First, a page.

ASHBURN—Questions regarding the Washington Redskins run defense tend to elicit a similar response from those within the organization. Eyes typically lower a bit and sighs escape from mouths pulled tight. The look is a combination of frustration, exasperation and acceptance.
The topic is not a popular one at Redskins Park, after the run defense ranked dead-last in the league and allowed 134.1 yards per game last season.
Injuries were a major factor, as Jonathan Allen, Matt Ioannidis, Mason Foster, Will Compton and others missed significant amounts of time. But defensive line coach Jim Tomsula isn’t a fan of excuses.
“The easy answer is to go out and talk about injuries and who you don’t have and all that kind of stuff,” Tomsula said. “The bottom line is we need to be able to do it with the people we do have.”
Tomsula expects growth from simply having guys back for another year in the system, including Allen, Ioannidis, Ziggy Hood—who will be back at his natural end position—and Anthony Lanier. Then there’s the addition of first-round pick Da’Ron Payne, a defensive tackle out of Alabama, and fifth-rounder Tim Settle. But proper technique, communication and playing within the scheme are the things needed by whoever is on the field.
“It’s a little bit of everything,” Foster said. “We have a certain type of defense where we need those guys up front to be monsters. You need linebackers to make plays. And stuff happens. Big runs busting or whatever it may be, but definitely that’s been the focus this year.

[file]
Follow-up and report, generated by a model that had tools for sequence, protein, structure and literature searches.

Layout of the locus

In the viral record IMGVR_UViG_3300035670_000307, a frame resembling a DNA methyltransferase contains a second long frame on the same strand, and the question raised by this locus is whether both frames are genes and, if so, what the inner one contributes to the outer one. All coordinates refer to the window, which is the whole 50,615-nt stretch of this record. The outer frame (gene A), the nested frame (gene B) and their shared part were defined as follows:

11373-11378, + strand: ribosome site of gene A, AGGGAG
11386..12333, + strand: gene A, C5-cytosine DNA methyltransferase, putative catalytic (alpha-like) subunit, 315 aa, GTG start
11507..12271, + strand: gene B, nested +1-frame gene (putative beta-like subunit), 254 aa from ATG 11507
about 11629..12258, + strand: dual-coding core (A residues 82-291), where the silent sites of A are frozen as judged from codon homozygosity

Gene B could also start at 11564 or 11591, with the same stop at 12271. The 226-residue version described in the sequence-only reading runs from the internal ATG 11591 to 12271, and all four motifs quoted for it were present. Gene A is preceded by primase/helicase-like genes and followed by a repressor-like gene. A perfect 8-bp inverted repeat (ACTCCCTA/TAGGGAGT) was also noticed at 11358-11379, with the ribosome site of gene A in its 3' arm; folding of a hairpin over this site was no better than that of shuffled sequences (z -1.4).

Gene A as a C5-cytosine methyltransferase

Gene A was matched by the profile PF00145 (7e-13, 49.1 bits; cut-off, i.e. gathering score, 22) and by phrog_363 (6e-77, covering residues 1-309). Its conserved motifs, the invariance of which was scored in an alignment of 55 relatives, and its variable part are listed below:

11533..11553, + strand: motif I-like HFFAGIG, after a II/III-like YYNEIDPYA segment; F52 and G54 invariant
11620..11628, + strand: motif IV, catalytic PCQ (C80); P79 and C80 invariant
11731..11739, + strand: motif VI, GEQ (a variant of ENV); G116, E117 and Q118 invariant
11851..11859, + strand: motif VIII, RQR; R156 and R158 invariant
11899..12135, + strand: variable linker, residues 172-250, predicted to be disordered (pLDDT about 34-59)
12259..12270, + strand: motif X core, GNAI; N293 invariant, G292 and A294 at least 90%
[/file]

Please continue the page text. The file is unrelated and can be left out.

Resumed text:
“Coaches are harping on little things and getting stuff right. I think we’re headed in the right direction. But the biggest thing is keeping guys healthy. Staying on the field, keeping our guys ready and fresh to go. We’ve definitely made that a big point this season with all the stuff we’re doing in the weight room and the training room.”
Foster specified playing with eye discipline, trusting the teammates in front of you and playing off those big defensive linemen.
Zach Brown, who led the team with 127 tackles, pointed to communication and being detailed with movements after the ball is snapped.
“One step can put you in a bad position and create a gap,” Brown explained. “So, for us, we’ve got to make sure everybody, as a whole, reads their keys and step right. Because you step wrong in this defense and the running back is [able] to go for 70-80 [yards].
“You’ve got to over-communicate. Let the person know behind you, look, this is what I might do if this play happens. . . . That’s the big thing, if you over-communicate, everybody gets it. . . . As long as everybody’s on the same page, it shouldn’t be a problem with the defense. It doesn’t matter [what coverage we’re in].”
The Redskins want to run an aggressive defense with those linebackers chasing down the ball. But if anyone gets overly aggressive, it can open gaps and holes for runners to cut back to. Much of the attention in improving the run game has been on getting Payne, the top run stopper in the draft, and Allen on the field. Coach Jay Gruden, however, is quick to point out it takes all 11 men on defense to address the issue. Like Brown said, when one or two people get out of position, the scheme breaks down.
“You have got to be in your right gap. ... So, it’s up to the defensive line to stay in their gap, the linebackers will play off of them and obviously the safeties have to be a part of it,” Gruden said. “And sometimes when the safeties get blocked by the receivers, then the corners have got to come and crack-replace. So, it’s a total team thing on defense.”